You know what?  I'm prepared to revise my initial statement:  yes, this is the worst Nixon performance in film history, even worse than Buck McDancer in HOT SHOTS! PART DEUX.

The best thing we can take away from this is the new understanding that Cusack must have thought THE PAPERBOY BASED ON THE NOVEL "THE PAPERBOY" BY PETE DEXTER was actually a brilliant movie, hence his decision to work with Lee Daniels a second time.  (Or maybe it was just the money.)

There's plenty of other strange casting, too–
Why they cast Robin Williams as Eisenhower in a world where J.K. Simmons exists is sort of a head-scratcher:

Alan Rickman always brings some wonderful dickery to his roles, but he's still not quite right for Ronald Reagan:

And Mariah Carey gets her airbrushed face smudged with a little dirt for her role as a poor, 1920s sharecropper (though Lee Daniels employs a similar technique as Susan Seidelman did with Madonna in DESPERATELY SEEKING SUSAN– he keeps the part brief, and mostly non-speaking):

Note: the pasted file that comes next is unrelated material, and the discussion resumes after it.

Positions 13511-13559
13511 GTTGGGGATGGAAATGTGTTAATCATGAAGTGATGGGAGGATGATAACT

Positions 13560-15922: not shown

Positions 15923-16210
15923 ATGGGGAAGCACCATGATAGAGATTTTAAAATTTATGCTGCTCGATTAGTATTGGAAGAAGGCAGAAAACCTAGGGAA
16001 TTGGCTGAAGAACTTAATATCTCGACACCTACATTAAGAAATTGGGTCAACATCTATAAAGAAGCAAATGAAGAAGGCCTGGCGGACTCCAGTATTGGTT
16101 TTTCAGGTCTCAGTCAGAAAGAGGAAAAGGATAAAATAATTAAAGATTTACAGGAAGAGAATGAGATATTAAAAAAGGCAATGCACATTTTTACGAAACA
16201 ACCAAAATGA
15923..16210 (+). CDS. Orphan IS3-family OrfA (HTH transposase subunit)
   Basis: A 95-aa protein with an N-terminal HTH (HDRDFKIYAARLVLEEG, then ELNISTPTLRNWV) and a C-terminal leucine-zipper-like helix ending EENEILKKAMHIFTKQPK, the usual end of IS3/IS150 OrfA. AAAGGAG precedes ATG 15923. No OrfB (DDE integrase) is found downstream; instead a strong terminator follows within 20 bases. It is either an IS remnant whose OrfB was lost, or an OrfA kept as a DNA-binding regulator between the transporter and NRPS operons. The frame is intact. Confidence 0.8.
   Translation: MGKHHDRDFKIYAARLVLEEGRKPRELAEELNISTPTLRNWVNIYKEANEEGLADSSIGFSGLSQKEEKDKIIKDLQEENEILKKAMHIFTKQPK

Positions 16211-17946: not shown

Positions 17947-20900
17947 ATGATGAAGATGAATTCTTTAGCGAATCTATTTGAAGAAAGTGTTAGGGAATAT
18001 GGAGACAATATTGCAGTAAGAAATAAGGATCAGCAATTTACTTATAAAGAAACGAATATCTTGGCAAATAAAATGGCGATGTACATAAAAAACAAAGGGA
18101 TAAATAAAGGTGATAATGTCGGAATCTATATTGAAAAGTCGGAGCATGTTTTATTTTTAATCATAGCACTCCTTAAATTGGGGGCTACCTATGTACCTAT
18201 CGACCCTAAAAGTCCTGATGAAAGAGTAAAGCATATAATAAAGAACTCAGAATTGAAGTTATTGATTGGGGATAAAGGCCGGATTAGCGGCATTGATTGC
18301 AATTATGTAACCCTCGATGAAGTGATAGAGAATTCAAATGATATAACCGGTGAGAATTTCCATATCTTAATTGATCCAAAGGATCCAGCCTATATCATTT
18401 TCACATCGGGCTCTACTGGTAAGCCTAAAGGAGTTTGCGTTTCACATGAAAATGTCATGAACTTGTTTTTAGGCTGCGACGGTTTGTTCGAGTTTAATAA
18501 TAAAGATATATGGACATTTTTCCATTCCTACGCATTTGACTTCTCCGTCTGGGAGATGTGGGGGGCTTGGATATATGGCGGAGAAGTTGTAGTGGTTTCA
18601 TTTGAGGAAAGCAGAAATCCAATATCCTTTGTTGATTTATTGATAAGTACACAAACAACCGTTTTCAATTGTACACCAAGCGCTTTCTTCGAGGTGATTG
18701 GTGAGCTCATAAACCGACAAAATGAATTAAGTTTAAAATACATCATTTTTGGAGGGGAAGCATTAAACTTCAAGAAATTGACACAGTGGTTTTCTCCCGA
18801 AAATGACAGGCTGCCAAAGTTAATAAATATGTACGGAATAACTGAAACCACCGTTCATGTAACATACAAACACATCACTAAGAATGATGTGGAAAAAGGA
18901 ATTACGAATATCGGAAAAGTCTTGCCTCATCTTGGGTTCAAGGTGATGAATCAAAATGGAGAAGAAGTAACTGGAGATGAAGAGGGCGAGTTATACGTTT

Whew.  Okay.  Three more observations:

#1.  Love the matching figure skater/SOUL TRAIN costumes on Forest Whitaker and Oprah Winfrey in this authentic 1970s tableau:
and I think the movie would have been better served if these outfits had rated more screen time.

#2. It's sort of amusing that Oprah has become so accustomed to award shows, state dinners, and the VIP treatment that she can no longer muster the excitement of attending one for the first time, even when her role demands it:

Unremitting ennui: the price of success

#3.  And finally, the venerable Clarence Williams III– in a bit part that amounts to basically "the Obi-Wan Kenobi of butlers"– might be the only person who walks away from this thing completely unscathed.